Articles are freely available to both subscribers and the wider public with permitted reuse. The printed version contains color figures . Color reproduction in print is free of charge of all accepted articles. Journal publishes 4 issues per year, each issue 120–150 pages long. Manuscripts are  submitted and peer-reviewed in an on-line mode.


Current issue

Vol 15, No 4 (2022)
View or download the full issue PDF


6-16 84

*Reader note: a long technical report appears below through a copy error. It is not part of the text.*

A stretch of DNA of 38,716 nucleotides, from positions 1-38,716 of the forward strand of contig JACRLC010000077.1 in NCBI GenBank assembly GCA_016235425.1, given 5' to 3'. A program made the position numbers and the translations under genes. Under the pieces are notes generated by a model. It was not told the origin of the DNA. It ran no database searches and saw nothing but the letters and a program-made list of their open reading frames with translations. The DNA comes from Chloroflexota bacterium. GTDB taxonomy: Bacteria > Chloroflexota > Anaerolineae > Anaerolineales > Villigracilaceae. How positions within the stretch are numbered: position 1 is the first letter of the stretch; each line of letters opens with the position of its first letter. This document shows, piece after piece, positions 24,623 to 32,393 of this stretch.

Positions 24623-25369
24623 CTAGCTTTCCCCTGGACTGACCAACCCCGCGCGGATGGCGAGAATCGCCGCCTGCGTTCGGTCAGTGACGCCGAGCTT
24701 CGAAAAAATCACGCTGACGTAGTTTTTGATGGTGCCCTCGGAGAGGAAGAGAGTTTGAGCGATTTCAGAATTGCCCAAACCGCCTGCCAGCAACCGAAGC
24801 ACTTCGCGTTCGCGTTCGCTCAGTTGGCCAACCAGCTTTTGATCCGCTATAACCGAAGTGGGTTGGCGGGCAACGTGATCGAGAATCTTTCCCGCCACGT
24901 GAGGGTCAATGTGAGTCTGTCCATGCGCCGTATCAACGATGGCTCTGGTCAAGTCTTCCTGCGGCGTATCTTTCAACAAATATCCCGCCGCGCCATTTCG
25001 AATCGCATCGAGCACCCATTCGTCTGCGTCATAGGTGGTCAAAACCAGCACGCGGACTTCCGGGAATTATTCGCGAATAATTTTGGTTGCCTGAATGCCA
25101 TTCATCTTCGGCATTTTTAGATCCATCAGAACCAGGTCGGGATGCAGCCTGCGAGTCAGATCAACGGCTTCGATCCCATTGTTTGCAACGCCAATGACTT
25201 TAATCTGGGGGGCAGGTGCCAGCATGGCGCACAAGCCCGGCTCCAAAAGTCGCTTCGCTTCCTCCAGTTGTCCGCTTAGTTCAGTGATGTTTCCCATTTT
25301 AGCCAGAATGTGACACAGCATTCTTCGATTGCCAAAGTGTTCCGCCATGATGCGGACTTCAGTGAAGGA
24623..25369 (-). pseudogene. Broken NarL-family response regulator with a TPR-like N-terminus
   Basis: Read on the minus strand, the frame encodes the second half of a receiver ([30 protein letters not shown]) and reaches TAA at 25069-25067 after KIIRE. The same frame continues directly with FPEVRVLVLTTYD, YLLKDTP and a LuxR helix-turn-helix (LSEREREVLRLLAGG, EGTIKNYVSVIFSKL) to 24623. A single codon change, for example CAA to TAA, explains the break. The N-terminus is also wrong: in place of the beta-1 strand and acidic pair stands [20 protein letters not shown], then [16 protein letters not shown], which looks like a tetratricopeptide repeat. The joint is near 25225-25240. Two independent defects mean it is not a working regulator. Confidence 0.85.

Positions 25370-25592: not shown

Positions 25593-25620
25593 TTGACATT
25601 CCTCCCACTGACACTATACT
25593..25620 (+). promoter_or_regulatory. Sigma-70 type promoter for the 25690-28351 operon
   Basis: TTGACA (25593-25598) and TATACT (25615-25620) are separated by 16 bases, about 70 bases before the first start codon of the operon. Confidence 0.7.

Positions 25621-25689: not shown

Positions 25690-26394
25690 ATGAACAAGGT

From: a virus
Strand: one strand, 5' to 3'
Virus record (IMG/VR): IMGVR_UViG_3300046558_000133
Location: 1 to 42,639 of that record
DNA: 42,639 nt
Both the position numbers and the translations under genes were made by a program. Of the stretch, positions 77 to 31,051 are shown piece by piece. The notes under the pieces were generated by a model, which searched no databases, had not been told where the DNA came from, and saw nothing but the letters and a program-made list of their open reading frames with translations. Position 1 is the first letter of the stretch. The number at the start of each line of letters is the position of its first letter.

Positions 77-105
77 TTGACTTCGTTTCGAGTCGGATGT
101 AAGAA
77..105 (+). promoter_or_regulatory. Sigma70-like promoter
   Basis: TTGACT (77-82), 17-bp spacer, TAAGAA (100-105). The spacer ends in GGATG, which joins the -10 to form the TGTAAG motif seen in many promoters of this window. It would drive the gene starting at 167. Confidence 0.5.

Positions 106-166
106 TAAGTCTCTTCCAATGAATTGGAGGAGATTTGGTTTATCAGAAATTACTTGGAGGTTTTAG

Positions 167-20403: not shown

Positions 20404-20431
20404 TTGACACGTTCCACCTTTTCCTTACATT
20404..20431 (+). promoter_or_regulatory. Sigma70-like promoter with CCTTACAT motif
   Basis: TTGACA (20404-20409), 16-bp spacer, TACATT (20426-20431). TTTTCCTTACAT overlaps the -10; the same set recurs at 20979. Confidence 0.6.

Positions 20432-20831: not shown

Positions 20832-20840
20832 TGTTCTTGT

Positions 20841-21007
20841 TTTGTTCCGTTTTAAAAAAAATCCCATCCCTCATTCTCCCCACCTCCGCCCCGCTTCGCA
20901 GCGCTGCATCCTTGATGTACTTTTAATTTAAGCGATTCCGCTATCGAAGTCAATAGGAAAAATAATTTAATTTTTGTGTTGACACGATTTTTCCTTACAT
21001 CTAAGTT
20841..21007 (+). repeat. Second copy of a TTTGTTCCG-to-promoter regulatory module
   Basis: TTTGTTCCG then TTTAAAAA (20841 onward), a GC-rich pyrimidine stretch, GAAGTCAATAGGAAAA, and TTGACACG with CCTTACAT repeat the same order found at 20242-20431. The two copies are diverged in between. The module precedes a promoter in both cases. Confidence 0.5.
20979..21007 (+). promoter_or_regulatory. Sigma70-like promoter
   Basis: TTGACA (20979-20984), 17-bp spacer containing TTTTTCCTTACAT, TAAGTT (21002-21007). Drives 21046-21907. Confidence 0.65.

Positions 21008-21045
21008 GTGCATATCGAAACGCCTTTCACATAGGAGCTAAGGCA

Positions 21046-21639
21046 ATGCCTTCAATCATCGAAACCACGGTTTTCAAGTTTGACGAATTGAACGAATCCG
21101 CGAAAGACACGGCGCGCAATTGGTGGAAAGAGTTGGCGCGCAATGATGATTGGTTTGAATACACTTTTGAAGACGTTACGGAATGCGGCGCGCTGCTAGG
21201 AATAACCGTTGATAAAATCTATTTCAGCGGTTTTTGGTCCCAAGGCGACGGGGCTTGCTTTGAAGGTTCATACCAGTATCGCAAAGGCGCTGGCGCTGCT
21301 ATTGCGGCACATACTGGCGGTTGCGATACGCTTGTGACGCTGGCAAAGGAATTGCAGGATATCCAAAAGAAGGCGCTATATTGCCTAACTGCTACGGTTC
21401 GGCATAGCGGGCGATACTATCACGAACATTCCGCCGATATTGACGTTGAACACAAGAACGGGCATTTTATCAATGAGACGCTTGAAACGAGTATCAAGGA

Brazilian biomes are hotspots of global biodiversity, important biomass producers and, consequently, help maintain the world’s carbon balance. Net primary production (NPP) is a variable used to determine carbon uptake by land cover. As environmental factors and human activities vary, net primary production increases or decreases. This study aimed to evaluate NPP in three Brazilian biomes – Atlantic Forest, Cerrado, and Caatinga – in the state of Bahia for the last 17 years, and to understand its relationship with human activities by analyzing burned areas, as well as interrelated environmental factors, such as climate variability and soil heat flux, using remote sensing. Using the MOD17 dataset, we find evidence that the Atlantic Forest biome is the one that absorbs more carbon in comparison to the Caatinga and Cerrado biomes, with a mean annual net primary production in each one of these three biomes equal to 1,227.89 g C m-2, 913.81 g C m-2, and 803.56 g C m-2, respectively. The years of El Niño influenced all biomes, and the results showed a strong relationship between climate and NPP in the studied biomes, especially in Caatinga, which is the most sensitive to climatic variations. Besides these results, we find evidence that, in all these biomes, the NPP dynamics have been affected by the increase in land use for agricultural and livestock activities, mainly because of deforestation and burning.